Fighting against my own nature
Later in my life, during my years as a psychology student, this holiday tradition faded, being distracted by student life and A LOT of partying haha. After I finished my Masters in organizational psychology, I started working in the human resource department. I learned a lot about motivational theory, predicting work performance, and employee engagement, and I was excited to put my knowledge to good use.
I was able to do this in the beginning, especially in my internship and first job. However, with later jobs, it became more and more about processes and making these more efficient. Finally, in October 2021, I realized I was missing creativity. After a quick refresher course in wheel throwing (I became a little rusty after those years), I realized that I wanted to spend much more time on ceramics. Around the same time, I realized I wasn't happy with my job and the industry.
Within human resources, you are required to be very organized, able to handle strong/dominant personalities, and say no easily. All of these things I'm terrible at haha. Of course, I learned over the years to be more organized, prioritize tasks and say no more often. But still, looking back, I know that it cost me a lot of energy. It felt like I was fighting to be someone that isn't me. Fighting against my own nature. Because I love to say yes to people who ask for help, I love to say yes to new experiences, and I don't mind a little chaos. There is much more to it than these points, but I'll leave it at the short version.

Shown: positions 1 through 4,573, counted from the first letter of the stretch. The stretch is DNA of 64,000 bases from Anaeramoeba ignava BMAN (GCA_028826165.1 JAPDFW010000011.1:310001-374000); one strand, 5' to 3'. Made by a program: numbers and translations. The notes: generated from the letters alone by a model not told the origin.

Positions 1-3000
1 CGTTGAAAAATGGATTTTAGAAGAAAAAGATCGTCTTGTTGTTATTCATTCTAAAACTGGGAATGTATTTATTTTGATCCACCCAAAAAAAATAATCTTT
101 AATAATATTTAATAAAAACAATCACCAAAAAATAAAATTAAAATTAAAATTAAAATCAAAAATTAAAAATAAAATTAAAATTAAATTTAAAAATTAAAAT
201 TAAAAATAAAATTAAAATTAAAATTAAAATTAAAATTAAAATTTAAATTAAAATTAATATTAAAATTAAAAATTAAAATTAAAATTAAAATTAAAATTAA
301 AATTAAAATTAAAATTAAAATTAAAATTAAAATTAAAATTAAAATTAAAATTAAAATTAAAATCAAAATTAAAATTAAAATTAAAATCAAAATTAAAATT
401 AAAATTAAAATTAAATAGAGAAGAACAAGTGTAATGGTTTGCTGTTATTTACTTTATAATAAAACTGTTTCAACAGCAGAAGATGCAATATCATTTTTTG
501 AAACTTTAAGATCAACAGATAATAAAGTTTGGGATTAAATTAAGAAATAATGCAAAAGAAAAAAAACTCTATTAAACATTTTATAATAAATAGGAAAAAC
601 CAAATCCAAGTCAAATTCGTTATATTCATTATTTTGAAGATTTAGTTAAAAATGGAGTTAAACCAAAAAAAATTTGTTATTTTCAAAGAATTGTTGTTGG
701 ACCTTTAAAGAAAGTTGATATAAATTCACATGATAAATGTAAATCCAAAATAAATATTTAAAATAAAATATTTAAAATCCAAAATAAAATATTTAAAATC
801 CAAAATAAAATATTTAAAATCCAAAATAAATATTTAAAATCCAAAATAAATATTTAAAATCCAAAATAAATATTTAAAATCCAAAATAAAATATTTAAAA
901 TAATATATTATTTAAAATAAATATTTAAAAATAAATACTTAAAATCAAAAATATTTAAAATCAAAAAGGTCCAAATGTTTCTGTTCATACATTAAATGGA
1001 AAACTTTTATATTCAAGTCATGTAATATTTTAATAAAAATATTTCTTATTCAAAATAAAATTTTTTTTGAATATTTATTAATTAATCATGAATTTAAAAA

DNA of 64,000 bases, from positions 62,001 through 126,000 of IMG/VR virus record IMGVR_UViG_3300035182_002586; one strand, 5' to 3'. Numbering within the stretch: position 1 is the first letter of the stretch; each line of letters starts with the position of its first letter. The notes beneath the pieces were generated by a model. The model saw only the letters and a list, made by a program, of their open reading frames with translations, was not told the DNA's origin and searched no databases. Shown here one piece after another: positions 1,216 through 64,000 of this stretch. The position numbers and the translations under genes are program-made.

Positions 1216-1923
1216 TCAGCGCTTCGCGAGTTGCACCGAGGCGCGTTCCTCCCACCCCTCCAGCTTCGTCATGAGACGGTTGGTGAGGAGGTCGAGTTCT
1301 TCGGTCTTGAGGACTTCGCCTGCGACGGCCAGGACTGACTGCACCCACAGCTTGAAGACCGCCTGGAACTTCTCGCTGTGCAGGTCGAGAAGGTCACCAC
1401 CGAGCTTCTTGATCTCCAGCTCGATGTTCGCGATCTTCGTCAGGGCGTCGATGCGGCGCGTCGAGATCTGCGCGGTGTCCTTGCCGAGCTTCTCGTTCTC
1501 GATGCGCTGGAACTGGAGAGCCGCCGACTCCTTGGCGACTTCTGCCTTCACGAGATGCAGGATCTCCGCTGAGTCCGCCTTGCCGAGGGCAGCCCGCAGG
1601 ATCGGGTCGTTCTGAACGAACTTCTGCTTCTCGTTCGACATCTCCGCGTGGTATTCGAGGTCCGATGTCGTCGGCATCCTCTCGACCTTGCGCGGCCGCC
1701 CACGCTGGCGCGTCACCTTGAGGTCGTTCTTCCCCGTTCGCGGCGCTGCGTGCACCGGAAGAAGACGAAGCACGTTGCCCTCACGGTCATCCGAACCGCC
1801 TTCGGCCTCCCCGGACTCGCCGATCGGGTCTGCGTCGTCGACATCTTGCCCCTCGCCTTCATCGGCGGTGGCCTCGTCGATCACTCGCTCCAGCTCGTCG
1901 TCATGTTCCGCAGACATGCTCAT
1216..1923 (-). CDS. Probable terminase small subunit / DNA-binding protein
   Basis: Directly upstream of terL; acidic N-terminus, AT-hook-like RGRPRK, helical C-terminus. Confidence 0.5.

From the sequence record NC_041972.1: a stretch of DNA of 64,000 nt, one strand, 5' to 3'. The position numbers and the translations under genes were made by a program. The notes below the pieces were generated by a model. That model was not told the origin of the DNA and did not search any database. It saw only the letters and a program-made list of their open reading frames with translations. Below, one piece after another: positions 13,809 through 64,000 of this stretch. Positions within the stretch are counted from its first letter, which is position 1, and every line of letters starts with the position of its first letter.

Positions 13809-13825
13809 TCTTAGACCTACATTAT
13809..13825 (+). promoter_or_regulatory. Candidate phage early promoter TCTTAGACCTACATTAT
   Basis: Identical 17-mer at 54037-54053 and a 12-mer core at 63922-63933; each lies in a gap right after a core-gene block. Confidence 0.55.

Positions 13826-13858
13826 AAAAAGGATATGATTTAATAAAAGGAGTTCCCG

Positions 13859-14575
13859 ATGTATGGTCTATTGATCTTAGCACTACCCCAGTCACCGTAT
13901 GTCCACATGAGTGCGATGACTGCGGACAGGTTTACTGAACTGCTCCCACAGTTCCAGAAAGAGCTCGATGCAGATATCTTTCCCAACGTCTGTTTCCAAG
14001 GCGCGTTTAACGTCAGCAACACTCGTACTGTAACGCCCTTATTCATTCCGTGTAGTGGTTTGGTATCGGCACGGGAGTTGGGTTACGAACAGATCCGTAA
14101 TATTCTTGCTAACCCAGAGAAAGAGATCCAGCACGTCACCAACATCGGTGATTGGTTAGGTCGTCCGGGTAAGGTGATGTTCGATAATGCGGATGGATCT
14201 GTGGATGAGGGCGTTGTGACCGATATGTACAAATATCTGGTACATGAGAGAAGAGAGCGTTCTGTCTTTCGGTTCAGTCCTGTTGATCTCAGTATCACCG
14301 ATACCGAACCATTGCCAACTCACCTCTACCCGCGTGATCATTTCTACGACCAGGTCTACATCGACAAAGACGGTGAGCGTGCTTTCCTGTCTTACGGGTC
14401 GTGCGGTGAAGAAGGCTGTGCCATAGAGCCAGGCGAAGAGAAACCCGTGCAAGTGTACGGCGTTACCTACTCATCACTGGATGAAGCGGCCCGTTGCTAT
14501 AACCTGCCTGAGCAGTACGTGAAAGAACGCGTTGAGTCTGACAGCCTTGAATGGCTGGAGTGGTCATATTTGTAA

Sooo, back to my ceramics ambitions. Knowing that my current job was not sustainable, I started searching for alternatives. Which path do I want to take with ceramics? I considered many options. I thought about splitting my job in two, keeping my position within HR, and finding a job at a ceramic studio where I could learn from the Masters. But unfortunately, pottery is not famous for a sustainable income, especially not for a beginner. Or starting at a school for ceramics. Or doing a new bachelor's at an art school in Amsterdam specializing in ceramics. Or flying off to Florence and following a 12-week program while learning Italian. Choices...